From owner-labor-l@YORKU.CA Sun Dec 2 16:00:07 2001
Date: Sun, 2 Dec 2001 13:53:26 -0500
Sender: Forum on Labor in the Global Economy <LABOR-L@YORKU.CA>
From: Groucho Marx <grok@SPRINT.CA>
Subject: Fwd: General Strike Imminent in Italy

Date: Thu, 29 Nov 2001 07:44:47 EST
Subject: General Strike Imminent in Italyy To:,


Berlusconi government braces for industrial action

Agence France presse, 27 November 2001

ROME—Prime Minister Silvio Berlusconi's conservative government is preparing to face down industrial action by millions of Italian workers next month after the three major unions called for strike action Tuesday.

Workers have been called on to down tools for two hours each day from December 5–7 over plans to introduce a new framework labour law seen as kowtowing to employers' demands.

The government is aiming in particular to change a long-standing trade union safeguard for sacked workers, Article 18 of the workers' charter.

The provision allows a worker fired from his job to appeal to courts to force employers to take them back. Courts in southern Italy have ruled in favor of workers in a number of cases.

Some 250,000 members of Italy's largest union, the communist-based Italian General Confederation of Labour (CGIL), marched in Rome earlier this month to protest the government's intention to introduce the new law, as well as a split among the major unions.

However, the CGIL, the Catholic centrist Italian Confederation of Workers' Unions CISL and the socialist Italian Labour Union, UIL, met earlier Tuesday to unify their strategy.

The government says its objective is greater flexibility, and have honed in on Article 18 as its main target.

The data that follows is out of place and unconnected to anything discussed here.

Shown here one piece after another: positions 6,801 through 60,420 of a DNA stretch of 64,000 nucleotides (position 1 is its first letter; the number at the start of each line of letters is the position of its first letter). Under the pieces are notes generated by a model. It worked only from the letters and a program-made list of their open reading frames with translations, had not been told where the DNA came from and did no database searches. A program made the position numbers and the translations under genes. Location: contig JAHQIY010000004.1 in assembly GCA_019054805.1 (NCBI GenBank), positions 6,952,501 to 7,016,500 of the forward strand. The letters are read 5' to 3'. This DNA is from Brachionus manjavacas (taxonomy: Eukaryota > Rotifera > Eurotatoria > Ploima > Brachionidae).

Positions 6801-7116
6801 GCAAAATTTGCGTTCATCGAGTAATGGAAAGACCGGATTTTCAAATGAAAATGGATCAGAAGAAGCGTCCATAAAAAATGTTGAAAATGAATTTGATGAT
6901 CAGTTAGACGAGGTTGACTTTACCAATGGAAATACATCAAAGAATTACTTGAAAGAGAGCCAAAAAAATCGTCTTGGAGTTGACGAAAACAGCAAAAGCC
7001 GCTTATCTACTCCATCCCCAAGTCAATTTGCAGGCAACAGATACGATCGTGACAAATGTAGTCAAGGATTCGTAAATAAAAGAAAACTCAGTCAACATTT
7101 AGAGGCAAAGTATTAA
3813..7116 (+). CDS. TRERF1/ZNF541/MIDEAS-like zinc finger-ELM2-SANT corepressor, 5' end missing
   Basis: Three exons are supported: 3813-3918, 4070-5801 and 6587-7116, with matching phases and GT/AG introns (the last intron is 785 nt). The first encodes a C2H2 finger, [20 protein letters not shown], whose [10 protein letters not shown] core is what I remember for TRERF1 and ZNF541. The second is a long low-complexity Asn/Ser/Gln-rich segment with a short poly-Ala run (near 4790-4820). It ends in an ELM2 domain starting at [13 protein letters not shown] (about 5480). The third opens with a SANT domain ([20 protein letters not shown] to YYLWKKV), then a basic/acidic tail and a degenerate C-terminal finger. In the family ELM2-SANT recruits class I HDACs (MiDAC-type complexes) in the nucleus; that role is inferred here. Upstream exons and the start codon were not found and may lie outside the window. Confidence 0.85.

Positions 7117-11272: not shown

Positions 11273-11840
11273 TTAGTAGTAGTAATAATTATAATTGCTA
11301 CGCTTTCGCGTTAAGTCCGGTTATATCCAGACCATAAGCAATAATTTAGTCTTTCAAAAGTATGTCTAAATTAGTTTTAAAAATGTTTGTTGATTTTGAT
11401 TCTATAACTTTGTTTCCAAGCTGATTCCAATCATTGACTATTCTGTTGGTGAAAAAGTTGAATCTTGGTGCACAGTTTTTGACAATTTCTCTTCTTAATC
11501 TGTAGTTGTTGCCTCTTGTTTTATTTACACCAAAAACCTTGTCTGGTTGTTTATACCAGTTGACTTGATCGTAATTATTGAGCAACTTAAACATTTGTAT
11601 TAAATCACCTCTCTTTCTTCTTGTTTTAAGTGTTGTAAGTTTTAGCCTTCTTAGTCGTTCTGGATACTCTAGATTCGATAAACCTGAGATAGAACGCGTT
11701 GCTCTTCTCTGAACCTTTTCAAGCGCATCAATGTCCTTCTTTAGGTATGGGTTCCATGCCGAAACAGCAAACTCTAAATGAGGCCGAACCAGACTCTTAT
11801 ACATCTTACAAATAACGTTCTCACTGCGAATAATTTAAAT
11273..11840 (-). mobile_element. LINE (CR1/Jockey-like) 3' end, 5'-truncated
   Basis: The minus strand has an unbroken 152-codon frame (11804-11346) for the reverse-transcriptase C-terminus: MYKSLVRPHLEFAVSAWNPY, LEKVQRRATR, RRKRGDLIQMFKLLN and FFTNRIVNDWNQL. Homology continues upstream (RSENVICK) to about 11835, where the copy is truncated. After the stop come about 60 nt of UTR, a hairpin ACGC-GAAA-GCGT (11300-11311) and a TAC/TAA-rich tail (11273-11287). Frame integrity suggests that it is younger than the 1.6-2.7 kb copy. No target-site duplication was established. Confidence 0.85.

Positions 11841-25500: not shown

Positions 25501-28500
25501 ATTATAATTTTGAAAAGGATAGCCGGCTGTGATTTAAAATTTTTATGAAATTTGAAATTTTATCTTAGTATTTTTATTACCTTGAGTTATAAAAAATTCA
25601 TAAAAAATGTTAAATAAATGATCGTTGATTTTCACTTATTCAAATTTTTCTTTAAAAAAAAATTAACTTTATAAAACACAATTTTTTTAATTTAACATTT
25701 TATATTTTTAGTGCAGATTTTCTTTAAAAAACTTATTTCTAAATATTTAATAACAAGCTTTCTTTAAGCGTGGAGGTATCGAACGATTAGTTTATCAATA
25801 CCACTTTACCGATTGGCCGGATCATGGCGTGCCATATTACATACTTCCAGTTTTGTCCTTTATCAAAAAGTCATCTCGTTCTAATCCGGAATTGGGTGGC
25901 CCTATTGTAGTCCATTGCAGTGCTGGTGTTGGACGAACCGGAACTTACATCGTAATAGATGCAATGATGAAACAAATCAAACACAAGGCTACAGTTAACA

Employers see it as an obstacle, because it allows an employee who feels he has been laid off without reason to appeal to a court to get his job back.

The government announced plans earlier this month to bring in a framework law which would provisionally introduce, for a four year period, the principle of compensation rather than reinstatement for wrongful layoffs.

CGIL secretary general Sergio Cofferati warned the December action was just a “first step” in what is likely to be an increasingly robust campaign.

The unions aim to “convince the government to withdraw this provision concerning article 18 and not to act more arbitrarily,” he said.

His opposite number in UIL, Luigi Angeletti, warned the government that interfering with Article 18 was tantamount to caving in to employers.

Savino Pezzotta, of CSIL, said the unions' decision to begin industrial action had taken account of all the options open to them. “Other initiatives will depend on the response of the government,” he added.

All three leaders denounced what they termed as government collusion with the employers confederation Cofindustria, which supported Berlusconi's campaign in May's general election which saw his conservative coalition rout the centre-left.